After more than three decades of sporadic bombings and assassinations by the separatist group known as ETA, many people here in Spain's prosperous Basque region are daring to speak of a possibility that long seemed remote: an end to one of Europe's oldest conflicts.
ETA victims, academics, local leaders, journalists, Spanish government officials and others say that the underground group, which demands a separate country for Spain's 800,000 Basque people, has been severely weakened in recent months by the arrests of scores of members and many top leaders in Spain and in France. The Basques have lived in the swath of border territory on both sides of the Pyrenees mountains for thousands of years.
Another major arrest was reported Tuesday: Police in southwestern France seized Gorka Palacio Alday, who Spanish authorities say is the group's military commander.
In addition, ETA's financial assets abroad have been squeezed by increased international cooperation. And whatever public sympathy ETA enjoyed has declined in a wave of revulsion against its killings of popular politicians and journalists.
"There's a big change developing in the Basque Country in Spain," said the Rev. Txema Auzmendi, a Basque Jesuit priest who runs a local radio station, Herri Irratia, or Radio Popular. "It looks like ETA will call it quits."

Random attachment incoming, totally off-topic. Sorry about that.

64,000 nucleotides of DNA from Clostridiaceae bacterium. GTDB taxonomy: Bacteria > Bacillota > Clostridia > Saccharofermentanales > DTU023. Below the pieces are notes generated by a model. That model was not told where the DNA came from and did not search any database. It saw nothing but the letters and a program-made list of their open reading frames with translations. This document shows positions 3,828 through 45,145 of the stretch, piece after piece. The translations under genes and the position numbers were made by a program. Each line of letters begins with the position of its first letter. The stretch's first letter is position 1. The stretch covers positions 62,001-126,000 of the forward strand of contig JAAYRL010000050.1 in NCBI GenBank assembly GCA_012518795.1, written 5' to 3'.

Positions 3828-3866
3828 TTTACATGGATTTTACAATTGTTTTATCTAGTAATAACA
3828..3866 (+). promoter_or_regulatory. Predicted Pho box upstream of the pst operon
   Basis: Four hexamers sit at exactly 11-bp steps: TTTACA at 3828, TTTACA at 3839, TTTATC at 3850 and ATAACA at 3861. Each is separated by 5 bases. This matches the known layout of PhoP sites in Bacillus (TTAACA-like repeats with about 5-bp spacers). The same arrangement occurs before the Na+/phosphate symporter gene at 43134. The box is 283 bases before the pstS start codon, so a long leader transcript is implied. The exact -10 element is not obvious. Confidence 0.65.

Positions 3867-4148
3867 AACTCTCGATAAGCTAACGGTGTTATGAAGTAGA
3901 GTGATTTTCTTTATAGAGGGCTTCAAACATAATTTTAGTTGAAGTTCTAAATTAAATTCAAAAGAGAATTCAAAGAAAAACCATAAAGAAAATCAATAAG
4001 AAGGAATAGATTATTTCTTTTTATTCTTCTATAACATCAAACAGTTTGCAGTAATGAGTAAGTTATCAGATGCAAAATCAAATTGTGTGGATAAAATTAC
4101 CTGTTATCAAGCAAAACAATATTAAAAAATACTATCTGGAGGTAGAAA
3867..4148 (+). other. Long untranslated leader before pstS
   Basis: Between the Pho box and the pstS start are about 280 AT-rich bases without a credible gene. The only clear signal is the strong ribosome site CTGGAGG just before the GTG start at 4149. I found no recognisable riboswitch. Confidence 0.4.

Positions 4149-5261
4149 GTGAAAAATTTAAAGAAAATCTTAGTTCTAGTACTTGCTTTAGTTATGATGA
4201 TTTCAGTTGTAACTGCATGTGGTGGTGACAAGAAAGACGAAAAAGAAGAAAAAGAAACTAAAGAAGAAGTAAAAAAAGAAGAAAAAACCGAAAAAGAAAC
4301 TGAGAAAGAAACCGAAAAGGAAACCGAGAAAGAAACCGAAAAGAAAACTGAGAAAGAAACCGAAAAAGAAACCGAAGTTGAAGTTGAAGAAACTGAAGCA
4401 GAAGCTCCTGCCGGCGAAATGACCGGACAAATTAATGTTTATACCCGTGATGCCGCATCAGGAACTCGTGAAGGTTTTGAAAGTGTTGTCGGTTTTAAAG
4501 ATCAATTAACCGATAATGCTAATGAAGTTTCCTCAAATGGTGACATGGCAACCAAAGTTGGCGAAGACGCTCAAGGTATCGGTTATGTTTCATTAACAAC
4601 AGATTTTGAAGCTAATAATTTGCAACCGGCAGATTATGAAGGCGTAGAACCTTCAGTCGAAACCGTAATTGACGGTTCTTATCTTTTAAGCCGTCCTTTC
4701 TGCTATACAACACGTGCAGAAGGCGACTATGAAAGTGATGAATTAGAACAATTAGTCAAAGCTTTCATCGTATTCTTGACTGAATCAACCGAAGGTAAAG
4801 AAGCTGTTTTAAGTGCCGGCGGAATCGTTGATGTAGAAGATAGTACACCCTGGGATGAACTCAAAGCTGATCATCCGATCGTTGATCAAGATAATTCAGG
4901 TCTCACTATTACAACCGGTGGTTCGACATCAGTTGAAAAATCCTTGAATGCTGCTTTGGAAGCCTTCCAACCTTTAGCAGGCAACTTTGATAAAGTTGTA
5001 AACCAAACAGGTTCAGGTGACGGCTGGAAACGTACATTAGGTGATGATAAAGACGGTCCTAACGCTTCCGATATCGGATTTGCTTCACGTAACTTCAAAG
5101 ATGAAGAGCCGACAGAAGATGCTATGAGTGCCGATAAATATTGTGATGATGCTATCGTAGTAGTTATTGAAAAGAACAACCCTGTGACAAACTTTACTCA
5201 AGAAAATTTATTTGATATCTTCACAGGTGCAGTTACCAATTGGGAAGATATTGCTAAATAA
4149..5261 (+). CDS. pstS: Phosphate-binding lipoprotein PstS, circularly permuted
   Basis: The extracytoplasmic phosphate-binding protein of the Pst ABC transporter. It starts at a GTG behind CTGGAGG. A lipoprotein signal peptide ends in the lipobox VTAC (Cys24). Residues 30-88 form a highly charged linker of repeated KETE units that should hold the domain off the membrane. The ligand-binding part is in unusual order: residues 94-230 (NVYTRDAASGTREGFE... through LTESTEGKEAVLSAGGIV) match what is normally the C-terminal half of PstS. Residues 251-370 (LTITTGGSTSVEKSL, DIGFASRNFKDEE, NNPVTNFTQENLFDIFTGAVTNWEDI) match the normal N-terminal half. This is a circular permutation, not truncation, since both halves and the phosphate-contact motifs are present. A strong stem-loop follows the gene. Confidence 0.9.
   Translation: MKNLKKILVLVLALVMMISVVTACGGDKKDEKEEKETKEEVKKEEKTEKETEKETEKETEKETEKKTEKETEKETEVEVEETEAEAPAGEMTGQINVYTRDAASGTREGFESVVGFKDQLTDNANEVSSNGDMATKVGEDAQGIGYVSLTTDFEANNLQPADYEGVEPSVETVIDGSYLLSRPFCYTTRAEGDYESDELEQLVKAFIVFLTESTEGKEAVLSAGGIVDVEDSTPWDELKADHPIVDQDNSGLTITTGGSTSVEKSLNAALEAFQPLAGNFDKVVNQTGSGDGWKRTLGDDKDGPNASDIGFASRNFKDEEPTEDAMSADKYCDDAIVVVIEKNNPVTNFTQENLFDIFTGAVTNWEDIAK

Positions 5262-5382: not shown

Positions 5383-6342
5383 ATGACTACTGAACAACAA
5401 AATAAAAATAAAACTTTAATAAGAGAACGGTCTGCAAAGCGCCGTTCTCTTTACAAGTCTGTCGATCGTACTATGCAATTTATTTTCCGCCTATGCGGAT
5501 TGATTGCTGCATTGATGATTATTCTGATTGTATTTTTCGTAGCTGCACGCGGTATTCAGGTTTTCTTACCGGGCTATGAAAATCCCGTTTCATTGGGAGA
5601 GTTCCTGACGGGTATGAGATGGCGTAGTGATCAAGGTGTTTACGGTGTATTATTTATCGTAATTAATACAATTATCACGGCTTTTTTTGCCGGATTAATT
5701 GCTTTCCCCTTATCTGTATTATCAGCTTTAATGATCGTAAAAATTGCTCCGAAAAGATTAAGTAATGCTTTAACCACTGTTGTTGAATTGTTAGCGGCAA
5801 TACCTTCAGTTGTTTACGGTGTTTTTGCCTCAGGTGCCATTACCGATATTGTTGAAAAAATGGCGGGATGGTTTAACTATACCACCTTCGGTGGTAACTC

The most concrete evidence is a fall in the number of attacks and killings by ETA, the Basque-language initials for Basque Homeland and Liberty. In 2000, when ETA announced the "reactivation of armed struggle" following a 14-month cease-fire, its operatives launched 44 bombings and assassinations, in which 23 people were killed, government figures show. In 2001, it carried out 43 attacks, killing 15. But in 2002, the number of attacks dropped to 20, with five deaths, and so far this year there have been 17 strikes attributed to ETA, in which three people were killed.
ETA's rebellion, which has claimed more than 800 lives, began in the early 1960s during the repressive 40-year Spanish dictatorship of Gen. Francisco Franco. It has continued to bedevil the democratic governments that followed Franco's death in 1976. Spain has granted the country's Basques broad autonomy but has drawn the line at independence.